Permit FAQs

What do I need to collect specimen material within the U.S.?
Collecting permit requirements vary according to taxonomic group and geographic region. In the United States, a state permit is required for most animals, although for some species you can collect with a fishing/hunting license or no permit (within certain limits for herps). Federal permits also are required to collect certain kinds of species (e.g., migratory birds, federally threatened or endangered species) or on federal lands (e.g., National Parks, some national forests). You should always check with the state and federal agencies to obtain the most current permit requirements and application forms.

What do I need for international collecting and import/export??
International collecting is more complicated, but you need to follow the laws of the country. For most countries you will need a collecting permit or letter of authorization from that country. You also may need a separate permit for exporting the material. U.S. requirements for importing material of foreign origin vary depending on the taxonomic group. Birds and mammals require a permit from the U.S. Department of Agriculture. Contact Carla Cicero (ccicero[at] for USDA import permits and associated requirements. Some bird species require a USFWS Migratory Bird Import/Export Permit (contact Carla Cicero). Any species that is CITES-listed, threatened/endangered, or a marine mammal requires special permits. Specimens that are transferred between CITES-registered institutions can be exchanged under an institutional Certificate of Scientific Exchange. All wildlife imports/exports to and from the United States must be declared to the U.S. Fish and Wildlife Service by filing a Declaration for Importation or Exportation of Fish or Wildlife (form 3-177 a.k.a. “eDecs”). All specimen imports/exports to and from the the United States must use a designated port for entry/exit.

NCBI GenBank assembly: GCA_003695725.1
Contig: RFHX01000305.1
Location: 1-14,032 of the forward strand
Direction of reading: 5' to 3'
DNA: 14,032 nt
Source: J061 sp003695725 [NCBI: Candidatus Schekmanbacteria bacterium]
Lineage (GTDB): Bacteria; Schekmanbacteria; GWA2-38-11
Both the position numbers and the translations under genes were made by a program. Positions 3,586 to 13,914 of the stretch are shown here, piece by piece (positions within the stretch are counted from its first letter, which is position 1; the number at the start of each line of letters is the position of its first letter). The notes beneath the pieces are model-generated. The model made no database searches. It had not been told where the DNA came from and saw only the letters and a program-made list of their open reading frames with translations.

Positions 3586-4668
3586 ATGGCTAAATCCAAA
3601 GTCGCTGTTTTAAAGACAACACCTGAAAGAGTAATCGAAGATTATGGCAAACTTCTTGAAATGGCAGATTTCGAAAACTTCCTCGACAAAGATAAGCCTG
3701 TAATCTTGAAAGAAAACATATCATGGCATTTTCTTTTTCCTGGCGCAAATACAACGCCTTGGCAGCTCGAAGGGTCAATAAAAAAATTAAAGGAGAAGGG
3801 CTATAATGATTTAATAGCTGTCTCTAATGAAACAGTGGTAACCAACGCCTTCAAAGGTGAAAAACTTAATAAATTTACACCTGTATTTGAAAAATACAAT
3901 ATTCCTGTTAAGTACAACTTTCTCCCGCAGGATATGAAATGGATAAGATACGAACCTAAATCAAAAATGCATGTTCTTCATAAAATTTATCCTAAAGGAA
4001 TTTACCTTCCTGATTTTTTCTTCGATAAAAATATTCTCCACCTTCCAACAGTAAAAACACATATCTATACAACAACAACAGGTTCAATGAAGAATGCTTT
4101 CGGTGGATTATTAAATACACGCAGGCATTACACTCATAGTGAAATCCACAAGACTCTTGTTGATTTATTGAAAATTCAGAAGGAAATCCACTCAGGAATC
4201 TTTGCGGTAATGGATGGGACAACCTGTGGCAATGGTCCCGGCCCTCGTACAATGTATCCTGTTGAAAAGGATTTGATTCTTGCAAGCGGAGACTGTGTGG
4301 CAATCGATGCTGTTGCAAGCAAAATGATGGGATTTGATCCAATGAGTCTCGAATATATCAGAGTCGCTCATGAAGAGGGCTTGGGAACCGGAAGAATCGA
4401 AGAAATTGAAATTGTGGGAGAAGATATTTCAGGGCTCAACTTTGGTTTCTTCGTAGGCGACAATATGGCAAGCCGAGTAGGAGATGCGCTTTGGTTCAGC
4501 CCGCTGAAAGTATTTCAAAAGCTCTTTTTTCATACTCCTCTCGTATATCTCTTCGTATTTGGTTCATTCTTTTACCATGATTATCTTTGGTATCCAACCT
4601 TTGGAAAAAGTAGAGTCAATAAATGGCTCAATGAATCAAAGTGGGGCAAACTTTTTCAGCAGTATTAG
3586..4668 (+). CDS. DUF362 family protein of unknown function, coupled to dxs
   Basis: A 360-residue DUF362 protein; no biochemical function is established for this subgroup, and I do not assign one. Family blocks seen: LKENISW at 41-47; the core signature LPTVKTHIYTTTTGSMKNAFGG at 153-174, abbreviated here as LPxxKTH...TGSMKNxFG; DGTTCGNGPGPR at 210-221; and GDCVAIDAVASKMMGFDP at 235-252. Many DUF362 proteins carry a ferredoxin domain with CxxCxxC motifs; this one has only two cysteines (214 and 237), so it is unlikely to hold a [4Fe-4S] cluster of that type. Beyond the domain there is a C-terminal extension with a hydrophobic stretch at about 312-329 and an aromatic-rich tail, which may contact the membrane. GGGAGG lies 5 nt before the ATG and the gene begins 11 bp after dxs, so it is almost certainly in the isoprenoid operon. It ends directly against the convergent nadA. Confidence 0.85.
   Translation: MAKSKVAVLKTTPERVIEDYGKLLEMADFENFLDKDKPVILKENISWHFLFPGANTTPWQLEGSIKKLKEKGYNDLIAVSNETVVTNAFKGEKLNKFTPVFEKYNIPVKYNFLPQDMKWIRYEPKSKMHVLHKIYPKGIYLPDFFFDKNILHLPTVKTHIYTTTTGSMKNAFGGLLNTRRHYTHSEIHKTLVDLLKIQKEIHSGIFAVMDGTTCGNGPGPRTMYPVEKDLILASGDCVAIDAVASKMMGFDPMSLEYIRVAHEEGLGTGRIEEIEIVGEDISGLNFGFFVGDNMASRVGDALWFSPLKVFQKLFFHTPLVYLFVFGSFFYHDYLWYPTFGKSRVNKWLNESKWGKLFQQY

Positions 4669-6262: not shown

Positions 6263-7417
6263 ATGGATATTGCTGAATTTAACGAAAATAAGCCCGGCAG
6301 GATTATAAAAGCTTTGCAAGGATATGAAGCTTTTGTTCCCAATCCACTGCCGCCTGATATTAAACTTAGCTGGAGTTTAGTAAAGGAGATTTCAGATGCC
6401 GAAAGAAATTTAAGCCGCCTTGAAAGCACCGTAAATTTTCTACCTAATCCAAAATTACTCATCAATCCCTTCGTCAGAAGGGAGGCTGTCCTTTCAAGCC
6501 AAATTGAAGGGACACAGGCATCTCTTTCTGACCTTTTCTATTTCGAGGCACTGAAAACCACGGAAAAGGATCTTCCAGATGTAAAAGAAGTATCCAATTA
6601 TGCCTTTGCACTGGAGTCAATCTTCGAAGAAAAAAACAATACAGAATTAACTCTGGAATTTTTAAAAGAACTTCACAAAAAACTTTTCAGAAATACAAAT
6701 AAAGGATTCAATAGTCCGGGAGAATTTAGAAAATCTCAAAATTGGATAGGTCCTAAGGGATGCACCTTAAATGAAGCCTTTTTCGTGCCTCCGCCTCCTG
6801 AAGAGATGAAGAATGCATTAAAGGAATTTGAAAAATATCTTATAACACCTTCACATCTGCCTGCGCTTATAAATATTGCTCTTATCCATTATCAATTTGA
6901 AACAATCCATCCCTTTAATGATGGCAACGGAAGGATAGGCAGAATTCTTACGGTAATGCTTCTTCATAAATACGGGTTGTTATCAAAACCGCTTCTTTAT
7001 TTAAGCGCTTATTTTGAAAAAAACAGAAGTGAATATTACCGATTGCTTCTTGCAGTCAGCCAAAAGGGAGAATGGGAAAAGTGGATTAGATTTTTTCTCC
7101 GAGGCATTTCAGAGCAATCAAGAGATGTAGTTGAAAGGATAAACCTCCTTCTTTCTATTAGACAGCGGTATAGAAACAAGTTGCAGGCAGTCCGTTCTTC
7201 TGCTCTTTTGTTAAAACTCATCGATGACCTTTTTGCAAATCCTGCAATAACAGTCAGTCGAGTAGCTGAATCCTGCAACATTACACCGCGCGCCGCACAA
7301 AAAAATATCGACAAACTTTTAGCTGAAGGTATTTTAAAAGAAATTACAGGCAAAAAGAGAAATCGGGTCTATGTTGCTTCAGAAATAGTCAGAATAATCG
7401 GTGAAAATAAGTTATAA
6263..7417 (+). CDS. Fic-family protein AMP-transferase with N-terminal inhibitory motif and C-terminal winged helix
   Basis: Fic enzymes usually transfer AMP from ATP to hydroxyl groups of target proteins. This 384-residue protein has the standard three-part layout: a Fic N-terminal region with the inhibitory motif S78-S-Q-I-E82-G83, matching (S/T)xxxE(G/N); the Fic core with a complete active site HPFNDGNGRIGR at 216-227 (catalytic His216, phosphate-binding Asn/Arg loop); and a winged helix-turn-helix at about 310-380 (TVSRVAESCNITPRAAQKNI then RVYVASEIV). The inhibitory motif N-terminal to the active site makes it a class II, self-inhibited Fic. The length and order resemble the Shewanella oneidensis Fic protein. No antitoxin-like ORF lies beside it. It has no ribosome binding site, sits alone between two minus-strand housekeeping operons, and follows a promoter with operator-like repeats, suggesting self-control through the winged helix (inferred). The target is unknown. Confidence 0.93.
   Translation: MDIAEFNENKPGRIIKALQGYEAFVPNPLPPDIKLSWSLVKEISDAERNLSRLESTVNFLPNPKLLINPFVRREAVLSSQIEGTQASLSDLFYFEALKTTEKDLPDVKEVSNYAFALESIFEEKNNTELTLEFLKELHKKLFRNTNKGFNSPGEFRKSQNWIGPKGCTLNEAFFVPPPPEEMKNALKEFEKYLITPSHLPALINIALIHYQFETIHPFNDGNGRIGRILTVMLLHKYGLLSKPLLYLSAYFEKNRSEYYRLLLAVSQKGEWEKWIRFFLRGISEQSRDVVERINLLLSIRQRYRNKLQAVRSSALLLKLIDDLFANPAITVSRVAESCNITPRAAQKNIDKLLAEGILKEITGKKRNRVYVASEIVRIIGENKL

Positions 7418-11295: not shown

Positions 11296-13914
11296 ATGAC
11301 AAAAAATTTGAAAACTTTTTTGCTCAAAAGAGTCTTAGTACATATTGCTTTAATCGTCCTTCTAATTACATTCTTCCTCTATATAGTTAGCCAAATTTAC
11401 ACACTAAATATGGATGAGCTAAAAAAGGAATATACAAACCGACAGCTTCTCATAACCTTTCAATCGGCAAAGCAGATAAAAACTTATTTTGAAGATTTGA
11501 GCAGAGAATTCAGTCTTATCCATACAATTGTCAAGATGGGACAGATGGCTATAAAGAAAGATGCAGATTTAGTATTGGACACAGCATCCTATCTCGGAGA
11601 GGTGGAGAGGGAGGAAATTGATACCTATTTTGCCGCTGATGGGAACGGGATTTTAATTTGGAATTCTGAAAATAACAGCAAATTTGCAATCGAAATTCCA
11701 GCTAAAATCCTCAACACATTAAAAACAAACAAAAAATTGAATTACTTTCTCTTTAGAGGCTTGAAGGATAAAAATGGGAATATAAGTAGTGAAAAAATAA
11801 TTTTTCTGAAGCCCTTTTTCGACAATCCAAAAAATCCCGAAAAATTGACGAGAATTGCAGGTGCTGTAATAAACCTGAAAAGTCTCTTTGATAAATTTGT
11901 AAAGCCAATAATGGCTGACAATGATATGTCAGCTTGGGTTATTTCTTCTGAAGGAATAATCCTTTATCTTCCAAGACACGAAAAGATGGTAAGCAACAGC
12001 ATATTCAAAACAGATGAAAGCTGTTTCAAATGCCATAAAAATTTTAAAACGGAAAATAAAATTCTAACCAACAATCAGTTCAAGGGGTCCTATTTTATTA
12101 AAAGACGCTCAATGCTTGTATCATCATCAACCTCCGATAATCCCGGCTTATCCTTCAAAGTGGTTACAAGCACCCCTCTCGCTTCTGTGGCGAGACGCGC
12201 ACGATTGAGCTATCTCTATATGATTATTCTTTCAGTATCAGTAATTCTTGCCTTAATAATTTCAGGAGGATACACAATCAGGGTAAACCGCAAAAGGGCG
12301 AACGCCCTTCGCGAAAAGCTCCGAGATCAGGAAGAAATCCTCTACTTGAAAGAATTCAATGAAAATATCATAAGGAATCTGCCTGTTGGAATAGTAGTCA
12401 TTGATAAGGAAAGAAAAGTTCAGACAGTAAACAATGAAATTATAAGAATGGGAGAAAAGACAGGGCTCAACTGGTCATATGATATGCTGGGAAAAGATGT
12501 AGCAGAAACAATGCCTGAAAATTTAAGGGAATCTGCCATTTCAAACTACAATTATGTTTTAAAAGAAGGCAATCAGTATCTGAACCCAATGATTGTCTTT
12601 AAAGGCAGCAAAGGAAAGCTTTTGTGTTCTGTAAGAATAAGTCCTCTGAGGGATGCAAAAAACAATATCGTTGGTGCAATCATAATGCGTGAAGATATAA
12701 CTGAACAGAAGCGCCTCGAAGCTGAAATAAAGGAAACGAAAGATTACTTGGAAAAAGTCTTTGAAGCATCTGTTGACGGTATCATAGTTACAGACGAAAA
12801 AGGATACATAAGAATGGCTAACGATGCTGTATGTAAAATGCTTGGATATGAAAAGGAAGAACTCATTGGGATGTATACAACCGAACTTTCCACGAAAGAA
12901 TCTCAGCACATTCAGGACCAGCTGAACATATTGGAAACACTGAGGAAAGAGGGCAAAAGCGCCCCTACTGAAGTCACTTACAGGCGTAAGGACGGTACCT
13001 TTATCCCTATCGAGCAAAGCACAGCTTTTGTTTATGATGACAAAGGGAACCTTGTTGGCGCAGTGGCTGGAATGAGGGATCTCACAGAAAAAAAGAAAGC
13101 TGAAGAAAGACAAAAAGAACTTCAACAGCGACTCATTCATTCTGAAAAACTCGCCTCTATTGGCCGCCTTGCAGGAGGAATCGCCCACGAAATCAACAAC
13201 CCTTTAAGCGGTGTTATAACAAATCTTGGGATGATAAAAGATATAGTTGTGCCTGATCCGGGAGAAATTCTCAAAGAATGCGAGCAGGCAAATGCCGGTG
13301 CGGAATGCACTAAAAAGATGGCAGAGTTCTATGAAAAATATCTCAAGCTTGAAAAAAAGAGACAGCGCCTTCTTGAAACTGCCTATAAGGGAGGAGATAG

Is there a distinction between specimen vouchers (e.g., skins, skeletons, whole animals) and other material (e.g., blood, tissue, hair, feathers, feces, DNA extracts, PCR products, etc.)?
As a general rule, the same permit requirements apply to specimens regardless of the nature of material. However, you should check the requirements for the particular material that you plan to collect or import/export. For example, some agencies regulate PCR products (USDA) and others don’t (USFWS). DNA extracts generally are treated the same as tissue or blood from an import/export standpoint.

Is a permit needed to pick up a dead animal?
A state and federal permit is needed to salvage dead birds, and you can only salvage dead birds in the states authorized on that permit. State permits also are required to salvage dead mammals, amphibians, and reptiles. Salvage authorizations on permits are in addition to other authorizations (e.g., for scientific collecting). According to the California Department of Fish and Game website, “No one, even a holder of a Scientific Collecting Permit (SCP), can pick up road kills, native bird feathers, or collect owl pellets or other animal parts without a SCP authorizing the salvage of dead amphibians, reptiles, birds, and/or mammals.”

How long does it take to get a permit?
This is unpredictable and varies by the agency. As a general rule, plan on at least 6 months to one year for processing of a permit application.

How can I get more information and advice on permits?
For more information, visit the Permits section of this Handbook. MVZ Staff Curators also are available to provide advice and assistance with permits (but read the website first!). If you need a copy of an MVZ institutional permit, contact a Staff Curator at least two weeks in advance of your planned departure